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Nicene and Post-Nicene Fathers, Ser. II, Vol. II: The Ecclesiastical History of Sozomen.: Concerning Martyrius of Cilicia. Translation of the Remains of St. Paul the Confessor, and of Meletius, Bishop of Antioch.

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Chapter X.—Concerning Martyrius of Cilicia. Translation of the Remains of St. Paul the Confessor, and of Meletius, Bishop of Antioch.

Nectarius made himself acquainted with the routine of sacerdotal ceremonies under the instruction of Cyriacus, 1534 bishop of Adana, whom he had requested Diodorus, bishop of Tarsus, to leave with him for a short period. Nectarius also retained several other Cilicians with him, amongst whom was Martyrius, his physician, who had been a witness of the irregularities of his youth. Nectarius was desirous of ordaining him deacon; but Martyrius refused the honor under the plea of his own unworthiness of such a divine service, and called upon Nectarius himself to witness as to the course of his past life. To this Nectarius replied as follows: “Although I am now a priest, do you not know that my past career was a more guilty one than yours, inasmuch as you were but an instrument in my numerous profligacies?” “But you, O blessed one,” replied Martyrius, “were cleansed by baptism, and were then accounted worthy of the priesthood. Both these ordinances are appointed by the Divine law for purification from sin, and it seems to me that you now differ in no respect from a new-born infant; but I long ago received holy baptism, and have since continued in the same abusive course.” It was under this plea that he excused himself from receiving ordination; and I commend the man for his refusal, and therefore would give him a part in my history.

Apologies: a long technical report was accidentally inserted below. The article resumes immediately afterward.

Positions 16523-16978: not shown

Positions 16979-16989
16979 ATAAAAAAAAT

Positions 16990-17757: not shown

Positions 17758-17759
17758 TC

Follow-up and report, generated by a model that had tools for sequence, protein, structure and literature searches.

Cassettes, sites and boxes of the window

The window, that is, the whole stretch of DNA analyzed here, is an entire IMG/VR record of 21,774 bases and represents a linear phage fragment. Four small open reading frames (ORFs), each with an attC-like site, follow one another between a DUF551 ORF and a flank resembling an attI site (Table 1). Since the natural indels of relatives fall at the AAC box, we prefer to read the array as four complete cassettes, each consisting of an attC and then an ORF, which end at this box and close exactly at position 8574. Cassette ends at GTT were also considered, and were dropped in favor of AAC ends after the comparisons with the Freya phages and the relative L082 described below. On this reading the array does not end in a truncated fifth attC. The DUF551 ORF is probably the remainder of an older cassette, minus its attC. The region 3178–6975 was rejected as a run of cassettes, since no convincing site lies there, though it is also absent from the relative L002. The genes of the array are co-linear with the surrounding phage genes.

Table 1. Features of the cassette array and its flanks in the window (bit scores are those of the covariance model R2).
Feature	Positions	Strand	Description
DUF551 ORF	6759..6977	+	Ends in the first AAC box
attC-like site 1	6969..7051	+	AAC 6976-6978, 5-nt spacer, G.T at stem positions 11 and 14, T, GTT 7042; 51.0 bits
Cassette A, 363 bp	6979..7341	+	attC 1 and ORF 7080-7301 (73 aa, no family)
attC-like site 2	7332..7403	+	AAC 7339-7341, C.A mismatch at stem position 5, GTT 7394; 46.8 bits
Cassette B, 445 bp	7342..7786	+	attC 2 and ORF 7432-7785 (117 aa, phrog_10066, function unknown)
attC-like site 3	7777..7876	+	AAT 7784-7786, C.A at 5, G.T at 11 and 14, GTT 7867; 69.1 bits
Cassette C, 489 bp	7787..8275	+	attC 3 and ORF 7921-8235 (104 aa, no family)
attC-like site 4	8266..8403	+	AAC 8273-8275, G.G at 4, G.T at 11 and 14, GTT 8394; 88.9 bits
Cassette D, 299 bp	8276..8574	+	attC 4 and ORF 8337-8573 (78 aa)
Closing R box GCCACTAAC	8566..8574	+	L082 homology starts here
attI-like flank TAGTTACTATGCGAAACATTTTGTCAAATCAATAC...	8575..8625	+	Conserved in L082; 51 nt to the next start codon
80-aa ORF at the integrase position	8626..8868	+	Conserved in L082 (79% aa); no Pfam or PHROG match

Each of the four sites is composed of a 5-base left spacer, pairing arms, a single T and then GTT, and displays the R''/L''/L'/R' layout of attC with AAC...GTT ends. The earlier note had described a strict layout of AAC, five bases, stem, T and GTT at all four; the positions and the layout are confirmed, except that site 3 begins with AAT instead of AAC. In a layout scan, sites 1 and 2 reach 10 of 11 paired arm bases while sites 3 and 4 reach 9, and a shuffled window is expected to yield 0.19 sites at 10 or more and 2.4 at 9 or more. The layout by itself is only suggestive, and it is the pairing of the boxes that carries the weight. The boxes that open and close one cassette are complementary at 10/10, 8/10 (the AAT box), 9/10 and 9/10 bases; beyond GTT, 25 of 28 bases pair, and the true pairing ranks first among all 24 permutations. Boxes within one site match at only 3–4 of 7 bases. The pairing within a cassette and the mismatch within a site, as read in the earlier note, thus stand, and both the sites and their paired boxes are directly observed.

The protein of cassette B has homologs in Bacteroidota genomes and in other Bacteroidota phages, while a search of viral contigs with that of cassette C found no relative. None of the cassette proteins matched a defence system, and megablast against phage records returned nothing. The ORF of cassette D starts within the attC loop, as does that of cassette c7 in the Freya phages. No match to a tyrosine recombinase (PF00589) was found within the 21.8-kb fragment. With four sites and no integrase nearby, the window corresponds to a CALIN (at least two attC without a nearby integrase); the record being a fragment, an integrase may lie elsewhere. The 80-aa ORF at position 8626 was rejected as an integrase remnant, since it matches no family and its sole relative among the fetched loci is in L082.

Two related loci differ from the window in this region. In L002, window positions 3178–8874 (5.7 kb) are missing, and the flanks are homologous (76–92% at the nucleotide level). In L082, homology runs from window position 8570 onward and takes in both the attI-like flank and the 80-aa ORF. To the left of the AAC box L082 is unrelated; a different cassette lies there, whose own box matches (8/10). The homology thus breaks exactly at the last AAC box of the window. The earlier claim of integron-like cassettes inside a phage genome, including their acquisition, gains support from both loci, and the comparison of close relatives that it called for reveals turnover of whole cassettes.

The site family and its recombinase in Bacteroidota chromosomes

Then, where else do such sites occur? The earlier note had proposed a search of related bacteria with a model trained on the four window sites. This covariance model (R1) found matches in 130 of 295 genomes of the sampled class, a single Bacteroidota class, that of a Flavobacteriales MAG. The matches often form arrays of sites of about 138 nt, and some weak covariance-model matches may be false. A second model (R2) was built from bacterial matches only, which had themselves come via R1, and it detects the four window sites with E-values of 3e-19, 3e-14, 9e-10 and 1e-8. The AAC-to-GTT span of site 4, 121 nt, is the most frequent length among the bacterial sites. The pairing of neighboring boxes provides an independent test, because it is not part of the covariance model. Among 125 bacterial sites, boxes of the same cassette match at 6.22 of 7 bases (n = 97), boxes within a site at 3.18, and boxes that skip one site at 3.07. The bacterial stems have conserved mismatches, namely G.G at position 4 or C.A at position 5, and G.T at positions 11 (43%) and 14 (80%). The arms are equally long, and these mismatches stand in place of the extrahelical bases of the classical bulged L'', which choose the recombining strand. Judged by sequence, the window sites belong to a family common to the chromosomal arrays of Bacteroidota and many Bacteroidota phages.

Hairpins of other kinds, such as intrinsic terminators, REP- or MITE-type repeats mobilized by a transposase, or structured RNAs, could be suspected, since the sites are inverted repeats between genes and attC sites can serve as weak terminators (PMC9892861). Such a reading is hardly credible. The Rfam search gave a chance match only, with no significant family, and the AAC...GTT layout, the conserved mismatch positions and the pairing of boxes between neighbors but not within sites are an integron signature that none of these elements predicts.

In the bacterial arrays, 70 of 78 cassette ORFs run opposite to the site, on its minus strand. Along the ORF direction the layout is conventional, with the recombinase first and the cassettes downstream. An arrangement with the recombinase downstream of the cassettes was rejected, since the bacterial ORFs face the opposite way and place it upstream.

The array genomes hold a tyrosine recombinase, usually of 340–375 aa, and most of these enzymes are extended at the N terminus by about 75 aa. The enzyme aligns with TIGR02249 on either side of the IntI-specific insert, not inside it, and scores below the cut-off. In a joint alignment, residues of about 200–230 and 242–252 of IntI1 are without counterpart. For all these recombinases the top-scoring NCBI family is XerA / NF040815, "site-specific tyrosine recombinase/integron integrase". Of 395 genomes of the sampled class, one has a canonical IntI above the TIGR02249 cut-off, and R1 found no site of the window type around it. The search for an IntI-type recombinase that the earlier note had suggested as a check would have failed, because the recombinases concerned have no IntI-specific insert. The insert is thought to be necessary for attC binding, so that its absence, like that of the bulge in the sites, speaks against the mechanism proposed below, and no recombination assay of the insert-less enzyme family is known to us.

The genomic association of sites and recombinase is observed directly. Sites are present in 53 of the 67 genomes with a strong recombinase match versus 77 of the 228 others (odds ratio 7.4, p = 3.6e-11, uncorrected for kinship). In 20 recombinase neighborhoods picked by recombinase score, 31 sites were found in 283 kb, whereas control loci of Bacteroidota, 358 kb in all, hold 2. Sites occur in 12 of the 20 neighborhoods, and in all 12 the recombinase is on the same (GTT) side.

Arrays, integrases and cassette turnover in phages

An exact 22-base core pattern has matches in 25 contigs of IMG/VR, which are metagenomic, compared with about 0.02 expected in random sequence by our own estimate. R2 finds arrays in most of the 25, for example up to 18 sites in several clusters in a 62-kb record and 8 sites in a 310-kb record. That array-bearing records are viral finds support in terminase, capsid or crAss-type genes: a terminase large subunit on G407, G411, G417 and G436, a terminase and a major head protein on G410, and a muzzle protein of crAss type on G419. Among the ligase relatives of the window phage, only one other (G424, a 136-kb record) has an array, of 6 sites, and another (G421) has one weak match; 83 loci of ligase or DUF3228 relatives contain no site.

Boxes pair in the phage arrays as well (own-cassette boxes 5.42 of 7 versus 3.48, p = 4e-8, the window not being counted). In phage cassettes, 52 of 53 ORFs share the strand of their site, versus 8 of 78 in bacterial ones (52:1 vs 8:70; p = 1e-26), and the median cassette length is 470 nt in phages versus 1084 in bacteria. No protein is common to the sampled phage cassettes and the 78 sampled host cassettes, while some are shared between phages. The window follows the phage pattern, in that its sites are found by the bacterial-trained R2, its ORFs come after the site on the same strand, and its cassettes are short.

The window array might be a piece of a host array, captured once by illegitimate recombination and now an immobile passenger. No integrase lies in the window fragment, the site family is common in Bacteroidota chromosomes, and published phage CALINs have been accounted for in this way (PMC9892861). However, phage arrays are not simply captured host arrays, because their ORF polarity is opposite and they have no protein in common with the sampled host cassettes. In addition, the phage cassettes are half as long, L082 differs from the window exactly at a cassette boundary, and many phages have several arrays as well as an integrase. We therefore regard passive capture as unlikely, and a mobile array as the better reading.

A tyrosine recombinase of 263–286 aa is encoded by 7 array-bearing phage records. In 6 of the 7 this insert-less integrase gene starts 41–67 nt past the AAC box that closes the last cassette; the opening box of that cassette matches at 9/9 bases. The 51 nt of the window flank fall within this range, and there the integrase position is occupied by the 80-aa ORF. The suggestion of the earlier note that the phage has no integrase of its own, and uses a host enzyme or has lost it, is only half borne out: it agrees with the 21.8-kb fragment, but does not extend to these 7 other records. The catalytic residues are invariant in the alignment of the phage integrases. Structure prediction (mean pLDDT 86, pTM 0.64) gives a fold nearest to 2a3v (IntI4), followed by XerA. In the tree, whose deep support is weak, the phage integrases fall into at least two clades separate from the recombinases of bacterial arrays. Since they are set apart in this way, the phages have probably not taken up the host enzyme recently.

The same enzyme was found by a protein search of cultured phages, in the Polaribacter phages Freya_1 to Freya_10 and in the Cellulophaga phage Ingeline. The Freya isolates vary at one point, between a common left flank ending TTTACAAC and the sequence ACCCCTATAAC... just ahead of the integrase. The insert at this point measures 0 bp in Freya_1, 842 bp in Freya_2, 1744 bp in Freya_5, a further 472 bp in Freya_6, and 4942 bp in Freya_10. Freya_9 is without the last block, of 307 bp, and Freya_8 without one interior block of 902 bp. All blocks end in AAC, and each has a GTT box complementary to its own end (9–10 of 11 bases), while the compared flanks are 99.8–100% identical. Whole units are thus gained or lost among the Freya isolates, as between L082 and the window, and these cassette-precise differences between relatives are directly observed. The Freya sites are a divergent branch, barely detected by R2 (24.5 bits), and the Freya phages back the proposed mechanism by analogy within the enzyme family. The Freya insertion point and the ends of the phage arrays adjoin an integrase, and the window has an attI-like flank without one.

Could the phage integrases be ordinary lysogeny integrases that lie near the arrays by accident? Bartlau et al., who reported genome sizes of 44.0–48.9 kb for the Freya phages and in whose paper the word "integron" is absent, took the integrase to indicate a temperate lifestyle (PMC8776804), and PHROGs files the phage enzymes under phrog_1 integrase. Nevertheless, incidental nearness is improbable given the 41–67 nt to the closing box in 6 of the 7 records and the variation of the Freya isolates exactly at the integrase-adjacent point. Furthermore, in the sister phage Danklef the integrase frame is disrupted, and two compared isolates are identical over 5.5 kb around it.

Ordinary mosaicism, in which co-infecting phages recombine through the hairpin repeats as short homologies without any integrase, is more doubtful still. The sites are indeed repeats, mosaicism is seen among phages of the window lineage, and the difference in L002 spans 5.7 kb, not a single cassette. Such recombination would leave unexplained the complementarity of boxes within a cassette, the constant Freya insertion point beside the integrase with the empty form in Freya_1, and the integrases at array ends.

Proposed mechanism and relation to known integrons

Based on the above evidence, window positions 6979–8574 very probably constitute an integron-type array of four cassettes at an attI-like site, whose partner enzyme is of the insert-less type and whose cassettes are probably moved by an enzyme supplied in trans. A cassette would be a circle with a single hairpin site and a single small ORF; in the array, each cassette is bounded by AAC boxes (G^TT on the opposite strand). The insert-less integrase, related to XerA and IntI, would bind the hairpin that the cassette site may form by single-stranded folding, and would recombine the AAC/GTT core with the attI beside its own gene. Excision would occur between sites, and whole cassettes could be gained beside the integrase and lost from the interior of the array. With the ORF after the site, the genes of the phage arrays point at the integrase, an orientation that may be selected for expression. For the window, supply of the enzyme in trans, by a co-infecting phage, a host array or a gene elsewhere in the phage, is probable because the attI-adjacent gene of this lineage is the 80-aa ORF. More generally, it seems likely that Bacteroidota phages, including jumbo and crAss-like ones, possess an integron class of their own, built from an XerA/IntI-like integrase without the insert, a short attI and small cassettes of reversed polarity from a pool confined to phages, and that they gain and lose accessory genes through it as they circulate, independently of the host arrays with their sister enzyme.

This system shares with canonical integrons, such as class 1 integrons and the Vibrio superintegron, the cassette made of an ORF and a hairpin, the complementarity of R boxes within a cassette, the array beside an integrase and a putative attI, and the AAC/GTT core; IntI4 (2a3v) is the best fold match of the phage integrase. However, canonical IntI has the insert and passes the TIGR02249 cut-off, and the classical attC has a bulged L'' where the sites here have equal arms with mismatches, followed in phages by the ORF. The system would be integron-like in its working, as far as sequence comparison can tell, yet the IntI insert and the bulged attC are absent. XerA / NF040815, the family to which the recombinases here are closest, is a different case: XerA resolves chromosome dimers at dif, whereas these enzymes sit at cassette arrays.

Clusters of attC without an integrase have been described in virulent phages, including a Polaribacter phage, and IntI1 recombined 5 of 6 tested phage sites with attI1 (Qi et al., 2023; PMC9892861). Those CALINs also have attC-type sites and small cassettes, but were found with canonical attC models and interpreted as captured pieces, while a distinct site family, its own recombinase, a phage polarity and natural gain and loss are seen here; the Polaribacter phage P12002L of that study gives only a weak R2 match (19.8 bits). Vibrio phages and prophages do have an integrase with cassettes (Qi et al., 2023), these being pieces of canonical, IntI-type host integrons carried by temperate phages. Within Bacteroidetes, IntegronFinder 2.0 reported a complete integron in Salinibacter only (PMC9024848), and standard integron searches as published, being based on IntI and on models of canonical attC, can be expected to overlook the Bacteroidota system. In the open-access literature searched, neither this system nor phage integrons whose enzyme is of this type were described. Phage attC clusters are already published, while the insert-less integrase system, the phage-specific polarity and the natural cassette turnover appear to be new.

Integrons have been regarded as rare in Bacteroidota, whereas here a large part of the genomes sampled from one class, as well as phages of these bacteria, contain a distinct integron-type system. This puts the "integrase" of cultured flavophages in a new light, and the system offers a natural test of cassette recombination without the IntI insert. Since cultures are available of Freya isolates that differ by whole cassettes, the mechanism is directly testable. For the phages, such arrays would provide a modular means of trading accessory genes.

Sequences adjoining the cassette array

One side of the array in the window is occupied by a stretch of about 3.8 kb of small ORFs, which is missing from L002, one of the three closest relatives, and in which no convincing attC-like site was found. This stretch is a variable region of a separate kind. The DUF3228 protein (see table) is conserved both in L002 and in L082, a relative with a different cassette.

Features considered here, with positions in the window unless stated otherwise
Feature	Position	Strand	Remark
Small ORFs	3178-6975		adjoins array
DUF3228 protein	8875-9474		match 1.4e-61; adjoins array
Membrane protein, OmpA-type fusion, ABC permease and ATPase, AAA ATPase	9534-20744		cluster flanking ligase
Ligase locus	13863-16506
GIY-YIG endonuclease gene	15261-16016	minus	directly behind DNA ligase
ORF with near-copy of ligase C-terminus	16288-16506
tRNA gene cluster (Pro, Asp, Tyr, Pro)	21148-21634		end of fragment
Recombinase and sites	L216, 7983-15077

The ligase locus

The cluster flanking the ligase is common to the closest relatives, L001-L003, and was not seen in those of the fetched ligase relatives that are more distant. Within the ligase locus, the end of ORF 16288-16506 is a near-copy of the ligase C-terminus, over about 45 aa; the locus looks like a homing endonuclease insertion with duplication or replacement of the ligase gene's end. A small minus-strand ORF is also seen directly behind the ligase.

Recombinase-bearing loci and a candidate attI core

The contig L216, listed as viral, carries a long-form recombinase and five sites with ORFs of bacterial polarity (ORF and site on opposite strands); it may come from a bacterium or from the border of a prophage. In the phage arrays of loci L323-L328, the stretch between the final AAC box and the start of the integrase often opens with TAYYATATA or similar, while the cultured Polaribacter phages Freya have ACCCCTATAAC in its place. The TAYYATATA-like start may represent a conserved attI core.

The Emperor Theodosius, on being informed of various events connected with Paul, 1535 formerly bishop of Constantinople, caused his body to be removed to the church erected by Macedonius, his enemy, and buried there. This temple is a spacious and most distinguished edifice, and is still named after Paul. Hence many persons who are ignorant of the facts of the case, particularly women and the mass of the people, imagine that Paul, the apostle, is interred therein. The remains of Meletius were at the same time conveyed to Antioch, and deposited near the tomb of Babylas the martyr. It is said that through every public way, by the command of the emperor, the relics were received within the walls in every city, contrary to Roman custom, and were honored with singing of psalms antiphonally in such places, until they were transferred to Antioch.



Most of this chapter is independent with Soz.


Soc. v. 9. Soz. is independent.

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